”Praying for the forgiveness of the deceased and patience of the family,” he said in a statement issued by the Prime Minister’s Office.
Nawaz Sharif, who was sentenced to life by a court during Musharraf’s regime and was later exiled to Saudi Arabia following the intervention of the Gulf Kingdom, tweeted in Arabic a verse from Holy Quran with hashtag ‘#Pervez Musharraf.’ The verse – loosely translated as ”To Allah we belong, and to Him is our return” – is usually recited by Muslims when they hear the news of a death.
Pakistan Tehreek-e-Insaaf leader and former information minister Fawad Chaudhry described Musharraf as a ”great person” and said his ideology was to always keep Pakistan first.
The four-star general was ruling Pakistan as a ”chief executive” when the 9/11 attacks on the US took place and he swiftly aligned with Washington during its military intervention in neighbouring Taliban-ruled Afghanistan.
After the December 2007 assassination of Opposition leader Benazir Bhutto, his allies suffered crushing losses in the 2008 elections, leaving him isolated.
In more than seven years in office, he oversaw a stint of economic growth while dodging at least three assassination attempts. Musharraf won a five-year term as president in a 2002 referendum, but reneged on promises to quit as army chief until late 2007.
Musharraf’s plan to return to power in 2013 was dashed when he was disqualified from running in an election won by Sharif, whom he had deposed in 1999.
In March 2014, Musharraf was indicted for suspending the Constitution on November 3, 2007.
In December 2019, a special court handed Musharraf a death sentence in the high treason case against him However, a court later nullified the ruling.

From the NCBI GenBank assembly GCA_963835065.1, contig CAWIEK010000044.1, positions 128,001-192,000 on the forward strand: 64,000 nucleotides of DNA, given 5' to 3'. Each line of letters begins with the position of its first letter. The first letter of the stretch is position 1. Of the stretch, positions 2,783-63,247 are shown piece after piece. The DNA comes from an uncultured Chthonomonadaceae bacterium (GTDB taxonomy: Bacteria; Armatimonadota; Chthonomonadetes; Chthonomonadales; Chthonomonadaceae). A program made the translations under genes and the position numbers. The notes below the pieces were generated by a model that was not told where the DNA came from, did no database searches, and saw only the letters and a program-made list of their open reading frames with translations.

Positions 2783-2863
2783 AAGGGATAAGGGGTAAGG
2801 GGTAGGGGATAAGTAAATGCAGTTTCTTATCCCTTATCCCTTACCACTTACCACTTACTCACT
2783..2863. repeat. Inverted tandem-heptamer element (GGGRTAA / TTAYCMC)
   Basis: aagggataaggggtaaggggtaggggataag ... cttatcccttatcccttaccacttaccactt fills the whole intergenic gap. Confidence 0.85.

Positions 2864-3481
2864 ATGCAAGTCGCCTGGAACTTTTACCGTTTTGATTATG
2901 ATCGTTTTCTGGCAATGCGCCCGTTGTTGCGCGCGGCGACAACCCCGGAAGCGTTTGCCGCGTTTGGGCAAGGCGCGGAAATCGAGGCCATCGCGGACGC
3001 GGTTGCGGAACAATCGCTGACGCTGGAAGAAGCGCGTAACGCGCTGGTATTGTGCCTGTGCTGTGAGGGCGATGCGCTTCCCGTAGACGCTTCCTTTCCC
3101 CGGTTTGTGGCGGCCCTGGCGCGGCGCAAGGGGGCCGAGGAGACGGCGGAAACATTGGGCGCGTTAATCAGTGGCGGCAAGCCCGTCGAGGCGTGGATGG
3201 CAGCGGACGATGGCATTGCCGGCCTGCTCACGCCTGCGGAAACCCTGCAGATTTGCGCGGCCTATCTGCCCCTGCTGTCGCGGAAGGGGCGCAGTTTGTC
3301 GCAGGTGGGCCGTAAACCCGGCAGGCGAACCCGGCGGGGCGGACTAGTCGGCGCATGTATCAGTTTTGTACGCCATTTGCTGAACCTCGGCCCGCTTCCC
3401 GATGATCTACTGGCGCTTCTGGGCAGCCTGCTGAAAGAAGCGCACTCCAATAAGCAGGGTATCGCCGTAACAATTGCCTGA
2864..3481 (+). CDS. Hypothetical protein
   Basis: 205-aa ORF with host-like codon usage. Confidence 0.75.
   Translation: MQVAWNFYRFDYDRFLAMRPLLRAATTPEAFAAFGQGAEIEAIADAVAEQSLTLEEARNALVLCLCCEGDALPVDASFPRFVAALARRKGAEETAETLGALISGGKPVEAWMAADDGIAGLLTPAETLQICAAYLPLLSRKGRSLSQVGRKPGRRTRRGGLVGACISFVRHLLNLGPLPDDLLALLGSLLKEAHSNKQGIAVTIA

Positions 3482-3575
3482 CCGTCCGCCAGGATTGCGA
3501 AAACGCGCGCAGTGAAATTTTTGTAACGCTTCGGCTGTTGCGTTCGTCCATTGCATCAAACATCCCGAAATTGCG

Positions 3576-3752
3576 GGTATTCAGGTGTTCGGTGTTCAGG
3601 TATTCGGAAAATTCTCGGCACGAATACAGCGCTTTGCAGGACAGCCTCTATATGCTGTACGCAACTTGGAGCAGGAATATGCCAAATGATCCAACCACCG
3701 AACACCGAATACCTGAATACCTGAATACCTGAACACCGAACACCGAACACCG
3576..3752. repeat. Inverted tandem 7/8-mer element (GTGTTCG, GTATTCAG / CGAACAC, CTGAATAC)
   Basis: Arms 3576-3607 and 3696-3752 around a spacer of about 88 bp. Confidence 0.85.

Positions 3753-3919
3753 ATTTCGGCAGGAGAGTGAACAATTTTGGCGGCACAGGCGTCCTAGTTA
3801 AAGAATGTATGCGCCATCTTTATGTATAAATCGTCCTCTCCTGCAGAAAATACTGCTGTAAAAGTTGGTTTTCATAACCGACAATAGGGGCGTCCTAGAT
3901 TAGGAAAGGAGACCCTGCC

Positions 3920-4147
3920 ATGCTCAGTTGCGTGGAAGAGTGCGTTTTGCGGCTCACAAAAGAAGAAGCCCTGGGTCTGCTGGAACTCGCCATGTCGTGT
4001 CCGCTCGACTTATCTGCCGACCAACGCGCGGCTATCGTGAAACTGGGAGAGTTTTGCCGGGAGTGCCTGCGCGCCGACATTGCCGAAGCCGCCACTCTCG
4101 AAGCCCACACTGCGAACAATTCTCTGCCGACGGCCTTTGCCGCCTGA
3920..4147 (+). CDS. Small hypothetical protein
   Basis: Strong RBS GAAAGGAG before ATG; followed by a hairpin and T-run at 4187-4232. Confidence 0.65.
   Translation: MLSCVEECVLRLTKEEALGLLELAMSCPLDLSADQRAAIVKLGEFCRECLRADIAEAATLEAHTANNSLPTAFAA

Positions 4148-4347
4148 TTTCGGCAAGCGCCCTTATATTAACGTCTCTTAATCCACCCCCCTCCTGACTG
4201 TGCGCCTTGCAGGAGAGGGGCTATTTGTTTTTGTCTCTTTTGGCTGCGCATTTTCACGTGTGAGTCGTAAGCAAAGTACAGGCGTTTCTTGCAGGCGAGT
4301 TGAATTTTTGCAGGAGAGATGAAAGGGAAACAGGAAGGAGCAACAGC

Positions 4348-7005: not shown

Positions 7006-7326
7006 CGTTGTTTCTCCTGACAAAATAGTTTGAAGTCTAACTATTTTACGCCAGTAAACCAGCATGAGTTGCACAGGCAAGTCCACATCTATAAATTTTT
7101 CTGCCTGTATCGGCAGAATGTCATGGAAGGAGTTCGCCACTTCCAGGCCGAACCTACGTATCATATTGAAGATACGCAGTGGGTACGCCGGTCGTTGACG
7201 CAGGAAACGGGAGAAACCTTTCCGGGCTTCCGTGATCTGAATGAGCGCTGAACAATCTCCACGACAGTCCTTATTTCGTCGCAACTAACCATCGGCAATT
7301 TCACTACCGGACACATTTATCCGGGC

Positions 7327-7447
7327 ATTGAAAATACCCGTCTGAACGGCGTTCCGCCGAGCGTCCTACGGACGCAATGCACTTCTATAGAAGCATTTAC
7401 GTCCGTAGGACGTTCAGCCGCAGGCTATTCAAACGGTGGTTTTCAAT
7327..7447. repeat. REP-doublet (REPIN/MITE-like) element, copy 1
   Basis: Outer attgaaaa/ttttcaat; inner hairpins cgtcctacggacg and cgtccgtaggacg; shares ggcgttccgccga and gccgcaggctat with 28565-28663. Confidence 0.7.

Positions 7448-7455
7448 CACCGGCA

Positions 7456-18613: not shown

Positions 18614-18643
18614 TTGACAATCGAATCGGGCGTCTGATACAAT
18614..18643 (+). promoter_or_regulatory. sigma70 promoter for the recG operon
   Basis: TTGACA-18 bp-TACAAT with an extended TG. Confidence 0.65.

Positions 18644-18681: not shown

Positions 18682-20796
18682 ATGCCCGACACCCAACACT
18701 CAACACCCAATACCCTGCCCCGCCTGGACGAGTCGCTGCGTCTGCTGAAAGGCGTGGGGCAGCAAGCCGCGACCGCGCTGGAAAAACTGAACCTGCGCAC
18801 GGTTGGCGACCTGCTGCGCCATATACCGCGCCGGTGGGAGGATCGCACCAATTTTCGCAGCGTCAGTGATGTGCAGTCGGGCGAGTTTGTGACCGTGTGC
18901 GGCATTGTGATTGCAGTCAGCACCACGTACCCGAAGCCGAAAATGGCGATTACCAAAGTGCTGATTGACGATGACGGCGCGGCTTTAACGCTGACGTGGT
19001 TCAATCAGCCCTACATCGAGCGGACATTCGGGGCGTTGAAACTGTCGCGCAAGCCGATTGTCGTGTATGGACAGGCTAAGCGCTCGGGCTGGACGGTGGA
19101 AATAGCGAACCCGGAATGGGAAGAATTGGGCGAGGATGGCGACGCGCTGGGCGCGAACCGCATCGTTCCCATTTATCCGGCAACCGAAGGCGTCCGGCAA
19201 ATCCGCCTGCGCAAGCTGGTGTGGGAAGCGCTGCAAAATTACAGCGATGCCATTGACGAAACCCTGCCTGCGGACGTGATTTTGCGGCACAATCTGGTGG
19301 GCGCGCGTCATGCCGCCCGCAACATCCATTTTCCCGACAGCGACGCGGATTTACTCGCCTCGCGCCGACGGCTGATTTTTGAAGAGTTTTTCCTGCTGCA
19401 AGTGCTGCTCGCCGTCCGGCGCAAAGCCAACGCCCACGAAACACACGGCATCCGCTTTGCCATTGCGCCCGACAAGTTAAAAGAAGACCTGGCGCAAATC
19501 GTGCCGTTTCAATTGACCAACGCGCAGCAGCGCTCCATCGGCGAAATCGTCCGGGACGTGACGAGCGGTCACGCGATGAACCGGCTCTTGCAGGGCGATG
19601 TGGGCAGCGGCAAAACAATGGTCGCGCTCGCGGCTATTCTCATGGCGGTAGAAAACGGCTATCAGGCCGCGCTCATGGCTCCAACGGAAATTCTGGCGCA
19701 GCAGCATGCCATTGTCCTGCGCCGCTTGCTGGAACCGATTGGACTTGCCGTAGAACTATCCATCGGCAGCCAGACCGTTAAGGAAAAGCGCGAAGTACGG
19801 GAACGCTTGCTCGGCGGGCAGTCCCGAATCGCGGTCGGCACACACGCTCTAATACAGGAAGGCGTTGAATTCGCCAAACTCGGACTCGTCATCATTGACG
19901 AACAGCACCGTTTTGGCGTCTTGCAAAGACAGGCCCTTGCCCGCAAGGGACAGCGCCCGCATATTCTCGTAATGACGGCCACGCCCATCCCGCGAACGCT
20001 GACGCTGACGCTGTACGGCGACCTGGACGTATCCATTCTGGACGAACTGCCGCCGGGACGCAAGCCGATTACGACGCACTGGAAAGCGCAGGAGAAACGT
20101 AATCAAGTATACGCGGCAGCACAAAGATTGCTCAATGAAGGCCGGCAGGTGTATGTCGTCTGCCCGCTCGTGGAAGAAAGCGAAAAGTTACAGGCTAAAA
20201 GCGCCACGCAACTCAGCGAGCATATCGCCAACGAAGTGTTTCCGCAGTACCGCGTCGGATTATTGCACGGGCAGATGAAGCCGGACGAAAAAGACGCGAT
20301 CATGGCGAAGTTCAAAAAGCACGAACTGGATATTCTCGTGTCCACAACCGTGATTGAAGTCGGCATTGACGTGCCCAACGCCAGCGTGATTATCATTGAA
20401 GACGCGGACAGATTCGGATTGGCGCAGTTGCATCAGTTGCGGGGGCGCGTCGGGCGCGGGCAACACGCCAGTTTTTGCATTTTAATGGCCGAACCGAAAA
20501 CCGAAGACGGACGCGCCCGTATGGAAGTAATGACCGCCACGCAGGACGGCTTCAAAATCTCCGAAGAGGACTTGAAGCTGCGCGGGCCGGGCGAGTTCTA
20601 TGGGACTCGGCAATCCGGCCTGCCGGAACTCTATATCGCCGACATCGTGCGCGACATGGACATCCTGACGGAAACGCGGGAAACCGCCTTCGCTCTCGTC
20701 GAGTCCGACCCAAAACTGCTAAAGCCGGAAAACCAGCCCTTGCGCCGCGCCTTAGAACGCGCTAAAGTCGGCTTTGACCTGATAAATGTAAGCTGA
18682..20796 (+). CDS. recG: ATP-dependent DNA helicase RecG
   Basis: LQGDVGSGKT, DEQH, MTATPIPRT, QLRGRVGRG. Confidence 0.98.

The former military ruler left the country in March 2016 for Dubai to seek medical treatment.
Musharraf joined the Pakistan Army in 1964 and was a graduate of the Army Staff and Command College, Quetta.
Musharraf visited India for the failed Agra summit in 2001 and made two more visits in 2005 as President to watch an India-Pakistan One-day Cricket match and in 2009 to attend a media event after shedding power.
Musharraf, the second of three brothers, spent his early years in Turkey, from 1949 to 1956, as his father Syed Musharrafu-ud-din was posted in Ankara.
He joined the Pakistan Military Academy in 1961 and was commissioned into the Artillery Regiment in 1964.
He fought in the Indo-Pakistan War of 1965 as a young officer, and also participated in the Indo-Pak War of 1971 as a Company Commander in the Commando Battalion.
Musharraf rose to the rank of General and was appointed as the Chief of Army Staff on October 7, 1998, by then prime minister Nawaz Sharif.
He was given additional charge of the Chairman Joint Chiefs Staff Committee on April 9, 1999. Six months later, he toppled the Sharif government and became the head of the state designated as Chief Executive.
Musharraf was living in Dubai since March 2016, when Pakistan’s Supreme Court lifted a travel ban on him to seek medical treatment there.
He married Sehba Musharraf in 1968 and has a son and a daughter.